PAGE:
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Ezekiel’s Vision

Raphael (Urbino 483 – Rome 1520)

1517-1518 ca.
Saturn room
Oil on panel
41 x 30 cm
1912 no. 174

This small panel is identified as the one described by Vasari in his “Lives” as “containing a Christ after the manner of Jupiter in Heaven, surrounded by the four Evangelists as Ezekiel describes them”.  In fact the scene is taken from an episode in the Book of Ezekiel. In the centre is the Holy Father, arms lifted in blessing, held up by two angels, an eagle, an ox and a lion, the symbols of the evangelists, John, Luke, and Mark, while Matthew is depicted as the angel enrobed in a pale blue-purplish chlamys. A corolla of angelic heads fills the red hot opening in the sky, and are painted in monochrome or simply engraved in the primer, creating a vibrant sense of movement. Below, under the band of clouds, is a broad landscape of land and sea that flows into the distance, amid flashes of bright light and shadow. To the left, a ray of light falls onto the two silhouettes, beside a horse, one of which is usually identified as the prophet Ezekiel. This small panel is generally agreed to date back to 1517-1518, the period of Raphael’s most intense activity in Rome, when his workshop was also populated by gifted collaborators to whom the artist gave the most important tasks for translating his ideas in both graphic and pictorial terms.  This is why scholars have often seemed to doubt his authorship of the work, preferring to attribute it to Giulio Romano or Giovan Francesco Penni. And yet, the superb pictorial quality of Ezekiel’s Vision does not seem to be conceivable as the work of anyone but Raphael, in view of the monumental nature of the figures and the wide range of the composition being so skillfully reduced to a small format, as well as the soft, delicate variety of the colour changes. The subject was also used in a hanging made from wool, silk and gold thread, created as a “sopracielo” (the canopy of a four-poster bed) for the “Letto dei Paramenti” of Leo X, the bed of state where the pontiff would put on his robes before an official ceremony.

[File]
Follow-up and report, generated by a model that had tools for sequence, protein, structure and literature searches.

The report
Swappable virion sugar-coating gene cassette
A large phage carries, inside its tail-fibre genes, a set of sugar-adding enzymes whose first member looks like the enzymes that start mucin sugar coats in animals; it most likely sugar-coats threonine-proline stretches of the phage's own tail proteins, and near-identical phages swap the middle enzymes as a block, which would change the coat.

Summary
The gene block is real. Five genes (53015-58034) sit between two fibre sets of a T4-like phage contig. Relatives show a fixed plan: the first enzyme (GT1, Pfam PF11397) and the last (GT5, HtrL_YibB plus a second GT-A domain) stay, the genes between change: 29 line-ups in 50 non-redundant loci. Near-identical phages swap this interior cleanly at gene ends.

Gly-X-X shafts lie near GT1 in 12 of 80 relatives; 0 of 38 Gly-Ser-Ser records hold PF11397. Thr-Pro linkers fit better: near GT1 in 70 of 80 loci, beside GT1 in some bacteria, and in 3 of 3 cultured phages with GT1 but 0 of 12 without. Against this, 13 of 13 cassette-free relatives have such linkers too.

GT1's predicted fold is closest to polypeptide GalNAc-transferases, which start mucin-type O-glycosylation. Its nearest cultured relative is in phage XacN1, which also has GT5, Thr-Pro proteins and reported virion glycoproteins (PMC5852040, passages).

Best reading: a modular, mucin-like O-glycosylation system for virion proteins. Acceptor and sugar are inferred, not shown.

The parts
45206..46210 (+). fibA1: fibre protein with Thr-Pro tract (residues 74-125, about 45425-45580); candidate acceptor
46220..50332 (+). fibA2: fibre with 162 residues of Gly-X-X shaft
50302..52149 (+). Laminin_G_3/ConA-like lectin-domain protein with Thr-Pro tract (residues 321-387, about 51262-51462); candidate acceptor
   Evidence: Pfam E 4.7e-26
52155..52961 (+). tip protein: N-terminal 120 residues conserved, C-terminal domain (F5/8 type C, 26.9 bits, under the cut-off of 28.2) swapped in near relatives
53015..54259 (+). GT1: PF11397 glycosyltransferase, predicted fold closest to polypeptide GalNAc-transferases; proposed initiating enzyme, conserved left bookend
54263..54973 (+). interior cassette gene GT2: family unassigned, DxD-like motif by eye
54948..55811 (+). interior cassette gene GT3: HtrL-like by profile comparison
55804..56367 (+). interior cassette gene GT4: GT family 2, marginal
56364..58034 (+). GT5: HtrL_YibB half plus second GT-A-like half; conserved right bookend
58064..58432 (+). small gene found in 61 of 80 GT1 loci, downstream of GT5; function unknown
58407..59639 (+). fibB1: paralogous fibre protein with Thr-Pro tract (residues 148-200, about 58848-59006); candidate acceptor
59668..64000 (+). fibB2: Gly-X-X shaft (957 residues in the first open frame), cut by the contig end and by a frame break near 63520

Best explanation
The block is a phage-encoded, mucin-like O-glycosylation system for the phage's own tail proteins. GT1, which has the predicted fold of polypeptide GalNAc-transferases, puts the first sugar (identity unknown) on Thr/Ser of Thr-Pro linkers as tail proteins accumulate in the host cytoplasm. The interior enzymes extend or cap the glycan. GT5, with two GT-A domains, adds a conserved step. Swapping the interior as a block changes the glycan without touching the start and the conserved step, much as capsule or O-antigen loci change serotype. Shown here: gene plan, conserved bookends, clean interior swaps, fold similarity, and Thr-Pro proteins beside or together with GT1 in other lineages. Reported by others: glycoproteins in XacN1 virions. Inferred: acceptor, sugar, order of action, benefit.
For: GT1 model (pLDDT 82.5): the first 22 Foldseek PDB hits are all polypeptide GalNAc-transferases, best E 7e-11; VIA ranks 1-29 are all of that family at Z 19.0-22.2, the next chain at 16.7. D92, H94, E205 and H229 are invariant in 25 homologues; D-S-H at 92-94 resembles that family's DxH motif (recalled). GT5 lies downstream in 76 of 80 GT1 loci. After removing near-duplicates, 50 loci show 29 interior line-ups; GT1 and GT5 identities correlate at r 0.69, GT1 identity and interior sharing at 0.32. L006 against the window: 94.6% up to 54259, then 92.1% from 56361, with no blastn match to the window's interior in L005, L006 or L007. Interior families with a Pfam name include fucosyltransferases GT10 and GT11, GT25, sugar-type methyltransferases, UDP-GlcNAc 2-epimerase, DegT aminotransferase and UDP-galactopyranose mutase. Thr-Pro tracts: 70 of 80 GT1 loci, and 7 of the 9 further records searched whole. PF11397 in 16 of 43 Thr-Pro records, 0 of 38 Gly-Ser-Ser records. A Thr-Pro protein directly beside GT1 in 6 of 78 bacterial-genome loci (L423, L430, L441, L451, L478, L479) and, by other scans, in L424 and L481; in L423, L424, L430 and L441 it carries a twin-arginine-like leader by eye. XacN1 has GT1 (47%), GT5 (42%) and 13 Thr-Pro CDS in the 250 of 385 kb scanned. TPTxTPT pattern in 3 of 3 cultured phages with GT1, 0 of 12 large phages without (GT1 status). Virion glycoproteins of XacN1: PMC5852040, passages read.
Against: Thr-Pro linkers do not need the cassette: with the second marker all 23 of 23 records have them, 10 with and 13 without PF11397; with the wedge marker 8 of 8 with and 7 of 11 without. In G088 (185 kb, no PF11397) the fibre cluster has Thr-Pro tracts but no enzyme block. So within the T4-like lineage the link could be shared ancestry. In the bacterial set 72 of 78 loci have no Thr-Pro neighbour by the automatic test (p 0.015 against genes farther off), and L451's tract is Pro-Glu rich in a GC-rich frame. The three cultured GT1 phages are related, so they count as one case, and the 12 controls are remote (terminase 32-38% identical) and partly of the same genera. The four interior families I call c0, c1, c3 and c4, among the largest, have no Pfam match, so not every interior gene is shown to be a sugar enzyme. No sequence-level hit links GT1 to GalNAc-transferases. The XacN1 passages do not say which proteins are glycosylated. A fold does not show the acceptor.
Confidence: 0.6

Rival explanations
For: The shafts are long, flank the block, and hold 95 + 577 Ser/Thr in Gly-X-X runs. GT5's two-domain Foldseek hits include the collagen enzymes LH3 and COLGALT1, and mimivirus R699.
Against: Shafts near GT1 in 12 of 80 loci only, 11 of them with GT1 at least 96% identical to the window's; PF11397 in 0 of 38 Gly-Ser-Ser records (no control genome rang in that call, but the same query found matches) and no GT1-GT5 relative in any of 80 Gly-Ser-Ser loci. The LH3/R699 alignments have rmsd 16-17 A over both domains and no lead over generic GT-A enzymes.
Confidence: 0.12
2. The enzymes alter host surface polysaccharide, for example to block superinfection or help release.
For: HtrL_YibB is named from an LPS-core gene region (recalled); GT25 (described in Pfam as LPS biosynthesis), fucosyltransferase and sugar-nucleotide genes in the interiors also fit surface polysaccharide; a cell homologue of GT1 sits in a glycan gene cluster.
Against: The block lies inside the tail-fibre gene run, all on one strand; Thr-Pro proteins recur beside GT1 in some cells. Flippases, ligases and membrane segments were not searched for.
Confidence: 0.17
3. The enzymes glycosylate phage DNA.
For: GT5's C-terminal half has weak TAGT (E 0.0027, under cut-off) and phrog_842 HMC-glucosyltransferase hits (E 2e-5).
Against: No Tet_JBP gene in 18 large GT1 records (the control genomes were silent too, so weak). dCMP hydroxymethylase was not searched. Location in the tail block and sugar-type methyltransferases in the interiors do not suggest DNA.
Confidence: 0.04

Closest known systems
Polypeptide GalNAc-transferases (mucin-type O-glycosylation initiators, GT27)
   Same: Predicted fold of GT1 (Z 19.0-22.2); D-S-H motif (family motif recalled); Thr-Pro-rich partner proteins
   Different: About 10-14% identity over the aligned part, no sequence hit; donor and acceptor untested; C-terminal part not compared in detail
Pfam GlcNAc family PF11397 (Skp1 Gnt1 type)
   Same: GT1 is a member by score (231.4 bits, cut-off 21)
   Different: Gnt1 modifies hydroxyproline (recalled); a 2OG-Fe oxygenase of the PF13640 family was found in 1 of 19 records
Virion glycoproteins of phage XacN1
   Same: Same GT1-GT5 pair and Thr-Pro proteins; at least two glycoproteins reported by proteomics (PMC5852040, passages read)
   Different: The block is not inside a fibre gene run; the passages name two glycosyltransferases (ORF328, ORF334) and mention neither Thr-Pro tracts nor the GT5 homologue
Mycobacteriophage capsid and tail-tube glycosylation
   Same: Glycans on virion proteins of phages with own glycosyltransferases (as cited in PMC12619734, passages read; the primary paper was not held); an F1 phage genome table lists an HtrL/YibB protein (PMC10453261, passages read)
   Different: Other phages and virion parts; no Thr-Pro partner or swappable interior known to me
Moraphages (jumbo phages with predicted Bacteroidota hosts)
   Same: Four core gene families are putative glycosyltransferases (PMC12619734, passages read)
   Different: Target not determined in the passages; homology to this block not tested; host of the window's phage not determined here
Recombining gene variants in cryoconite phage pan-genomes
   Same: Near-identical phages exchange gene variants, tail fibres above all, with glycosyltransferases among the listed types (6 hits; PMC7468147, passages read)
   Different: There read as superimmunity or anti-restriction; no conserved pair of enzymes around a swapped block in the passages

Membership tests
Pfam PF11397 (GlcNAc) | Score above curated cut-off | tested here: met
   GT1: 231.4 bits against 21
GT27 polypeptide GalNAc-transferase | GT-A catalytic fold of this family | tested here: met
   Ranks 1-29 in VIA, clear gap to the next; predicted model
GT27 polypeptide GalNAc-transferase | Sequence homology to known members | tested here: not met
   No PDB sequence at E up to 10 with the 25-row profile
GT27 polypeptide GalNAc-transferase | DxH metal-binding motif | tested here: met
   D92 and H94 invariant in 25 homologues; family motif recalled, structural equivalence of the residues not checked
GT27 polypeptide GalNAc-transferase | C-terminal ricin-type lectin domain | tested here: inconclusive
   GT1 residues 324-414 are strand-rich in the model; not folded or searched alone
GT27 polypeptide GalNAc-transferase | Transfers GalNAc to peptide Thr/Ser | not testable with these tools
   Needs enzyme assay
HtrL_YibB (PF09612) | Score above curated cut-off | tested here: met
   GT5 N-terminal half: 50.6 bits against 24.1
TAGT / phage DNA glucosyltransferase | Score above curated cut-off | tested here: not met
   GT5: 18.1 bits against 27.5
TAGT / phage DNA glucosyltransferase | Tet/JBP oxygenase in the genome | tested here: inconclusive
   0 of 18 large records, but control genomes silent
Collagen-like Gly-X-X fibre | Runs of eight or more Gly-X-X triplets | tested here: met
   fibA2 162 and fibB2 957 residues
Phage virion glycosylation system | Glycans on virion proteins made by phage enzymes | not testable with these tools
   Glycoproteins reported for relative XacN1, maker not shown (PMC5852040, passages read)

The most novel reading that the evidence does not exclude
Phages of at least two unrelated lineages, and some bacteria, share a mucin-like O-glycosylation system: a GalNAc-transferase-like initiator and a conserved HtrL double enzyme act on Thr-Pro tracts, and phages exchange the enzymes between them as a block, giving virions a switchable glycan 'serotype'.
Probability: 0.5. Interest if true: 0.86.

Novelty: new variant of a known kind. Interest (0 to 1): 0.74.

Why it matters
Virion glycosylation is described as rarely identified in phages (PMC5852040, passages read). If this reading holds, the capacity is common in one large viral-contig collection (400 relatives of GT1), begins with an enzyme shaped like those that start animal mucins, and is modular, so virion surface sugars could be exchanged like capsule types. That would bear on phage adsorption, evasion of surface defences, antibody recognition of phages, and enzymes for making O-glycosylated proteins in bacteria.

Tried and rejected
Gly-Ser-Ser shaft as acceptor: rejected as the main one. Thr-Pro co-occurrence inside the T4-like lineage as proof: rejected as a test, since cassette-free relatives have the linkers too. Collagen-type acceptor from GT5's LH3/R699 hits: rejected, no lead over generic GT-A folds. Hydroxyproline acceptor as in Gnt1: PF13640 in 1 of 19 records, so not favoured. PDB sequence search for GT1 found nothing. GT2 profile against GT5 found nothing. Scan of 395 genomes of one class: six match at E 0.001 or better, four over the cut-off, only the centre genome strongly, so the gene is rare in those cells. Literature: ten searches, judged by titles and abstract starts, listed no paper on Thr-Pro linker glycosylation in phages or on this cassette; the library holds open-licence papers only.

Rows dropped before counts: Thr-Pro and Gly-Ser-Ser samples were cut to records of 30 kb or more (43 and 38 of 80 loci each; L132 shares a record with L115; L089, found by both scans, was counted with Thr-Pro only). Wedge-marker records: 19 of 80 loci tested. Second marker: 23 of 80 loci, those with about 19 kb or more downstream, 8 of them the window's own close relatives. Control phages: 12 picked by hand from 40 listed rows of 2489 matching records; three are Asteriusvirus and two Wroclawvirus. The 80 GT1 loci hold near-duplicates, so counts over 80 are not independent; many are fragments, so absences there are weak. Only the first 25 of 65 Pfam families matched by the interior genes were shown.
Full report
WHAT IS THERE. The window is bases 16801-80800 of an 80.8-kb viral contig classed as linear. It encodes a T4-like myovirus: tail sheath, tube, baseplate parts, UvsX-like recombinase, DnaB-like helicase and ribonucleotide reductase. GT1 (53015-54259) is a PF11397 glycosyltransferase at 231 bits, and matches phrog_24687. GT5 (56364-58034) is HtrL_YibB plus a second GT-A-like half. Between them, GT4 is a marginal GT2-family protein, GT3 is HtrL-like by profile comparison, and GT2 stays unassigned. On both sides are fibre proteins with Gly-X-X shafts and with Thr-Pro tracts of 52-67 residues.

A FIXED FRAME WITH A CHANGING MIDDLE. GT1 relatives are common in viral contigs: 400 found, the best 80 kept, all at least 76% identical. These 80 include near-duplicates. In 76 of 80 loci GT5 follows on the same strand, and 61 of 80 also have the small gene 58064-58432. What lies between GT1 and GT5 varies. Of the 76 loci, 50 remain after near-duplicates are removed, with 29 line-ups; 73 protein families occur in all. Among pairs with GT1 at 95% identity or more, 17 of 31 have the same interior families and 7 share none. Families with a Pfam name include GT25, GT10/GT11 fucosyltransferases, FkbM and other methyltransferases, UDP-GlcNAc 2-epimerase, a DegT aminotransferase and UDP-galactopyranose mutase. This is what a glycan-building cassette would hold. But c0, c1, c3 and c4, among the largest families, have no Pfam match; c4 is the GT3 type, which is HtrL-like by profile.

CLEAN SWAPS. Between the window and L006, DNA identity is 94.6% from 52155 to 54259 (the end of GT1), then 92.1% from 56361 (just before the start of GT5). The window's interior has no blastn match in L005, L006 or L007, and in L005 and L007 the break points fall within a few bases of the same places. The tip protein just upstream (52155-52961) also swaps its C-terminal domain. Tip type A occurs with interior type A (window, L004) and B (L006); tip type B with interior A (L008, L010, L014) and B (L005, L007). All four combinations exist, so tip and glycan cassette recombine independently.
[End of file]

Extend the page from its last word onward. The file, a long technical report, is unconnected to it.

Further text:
Text by
Anna Bisceglia
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